The fact that my work has made a tremendous impact has made my experience very satisfying. However, I also learned that not all cases can be helped given the severity of their crime, despite how much they have changed. I learned as attorneys we cannot become too emotionally vested. Social work intervention is limited to helping lawyers achieve case dispositions for clients. Once a case is over, so is the relationship with the client. After my first rotation I began to ponder and reassess a very fundamental question: What does it means to be a public defender and how do we ensure the clients receive effective representation? Clearly there are limitations imposed by government officials who seek to satisfy the bare minimal constitutional requirements in regards to representation, but is that really enough?
An aspect I found interesting while working with various public defenders was that they went beyond the norm of what they were supposed to do. This illustrated their passion to help individuals refocus their lives and figure out what was really in their best interest.
During my second rotation, I worked with felony and misdemeanor trial lawyers at the Alhambra Superior Court. While at this branch I quickly realized the relationship between the lawyers and clients varied. Some clients were grateful for the assistance, while other were nonchalant. Although the traditional defender office is lawyer-driven and case-oriented, I learned the public defense culture centered on the crowning achievement of successfully taking the case to trial. Despite the fact that most cases settled, there was a handful that did make it to trial.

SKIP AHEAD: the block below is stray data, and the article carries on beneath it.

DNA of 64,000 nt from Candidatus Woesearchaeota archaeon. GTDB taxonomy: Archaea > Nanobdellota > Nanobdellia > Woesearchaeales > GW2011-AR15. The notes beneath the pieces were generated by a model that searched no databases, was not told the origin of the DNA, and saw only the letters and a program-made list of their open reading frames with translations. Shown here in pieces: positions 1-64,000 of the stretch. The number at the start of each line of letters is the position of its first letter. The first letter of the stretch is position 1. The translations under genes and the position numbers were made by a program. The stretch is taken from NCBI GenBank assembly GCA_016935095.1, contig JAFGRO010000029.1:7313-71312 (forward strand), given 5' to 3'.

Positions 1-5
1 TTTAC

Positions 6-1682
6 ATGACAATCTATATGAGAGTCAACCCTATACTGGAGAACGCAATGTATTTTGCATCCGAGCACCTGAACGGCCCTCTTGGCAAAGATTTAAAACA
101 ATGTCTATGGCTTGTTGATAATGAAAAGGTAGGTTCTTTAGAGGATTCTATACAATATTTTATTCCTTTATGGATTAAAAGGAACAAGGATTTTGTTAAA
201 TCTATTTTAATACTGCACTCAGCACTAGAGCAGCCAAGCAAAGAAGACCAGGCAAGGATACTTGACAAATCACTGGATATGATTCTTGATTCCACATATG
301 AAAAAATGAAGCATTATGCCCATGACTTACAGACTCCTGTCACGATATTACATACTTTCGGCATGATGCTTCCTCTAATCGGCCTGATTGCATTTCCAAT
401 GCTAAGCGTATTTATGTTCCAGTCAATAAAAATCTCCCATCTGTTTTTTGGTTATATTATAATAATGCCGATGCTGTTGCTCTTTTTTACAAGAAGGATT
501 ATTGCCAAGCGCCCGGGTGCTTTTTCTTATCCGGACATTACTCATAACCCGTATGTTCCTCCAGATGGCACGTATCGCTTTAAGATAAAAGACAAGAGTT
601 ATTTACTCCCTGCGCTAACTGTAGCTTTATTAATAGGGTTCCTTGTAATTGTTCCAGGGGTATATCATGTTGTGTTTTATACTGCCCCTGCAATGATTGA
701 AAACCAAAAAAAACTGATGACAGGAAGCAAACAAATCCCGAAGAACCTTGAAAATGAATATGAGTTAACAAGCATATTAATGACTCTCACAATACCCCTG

In my overall experience, I've discovered that the lawyers here went above and beyond in caring and effectively advocating on behalf of their client. They not only addressed the client's immediate legal needs, by removing or reducing the imminent threat of incarceration, but also by making sure they received the necessary treatment in hopes their client would not reoffend. The aspect I loved the most while at this branch was the fact that all the attorneys worked together as a cohesive unit.
My experience at the Los Angeles County Public Defenders has given me a better understanding as to what public defenders do and the type of impact they make. I've learned based on the type of assignments this was not for the fainthearted. My assignments ranged from the most extreme murder cases to child molestation to low-level crimes such as identity theft and possession of narcotics. My experience at the Alhambra branch has been extremely satisfying. The public defenders here come to work with the desire to help people, to create a better criminal justice system, and to make a difference.
My goal for this summer was to figure out whether criminal defense was an area I should pursue. This experience has confirmed that this is the type of work I would like to get into. After this eye-opening experience, I now have more of an appreciation for public defenders and the amount of time and hard work they put into for each client. Despite the amount of stress and heavy caseload, all the attorneys that I had the privilege to work with shared a passion for this type of work and genuinely enjoyed their job. Seeing their trial skills and aggressive courtroom advocacy made my experience very memorable. In short, this was a very rewarding experience and I hope to return to the Public Defenders in the near future.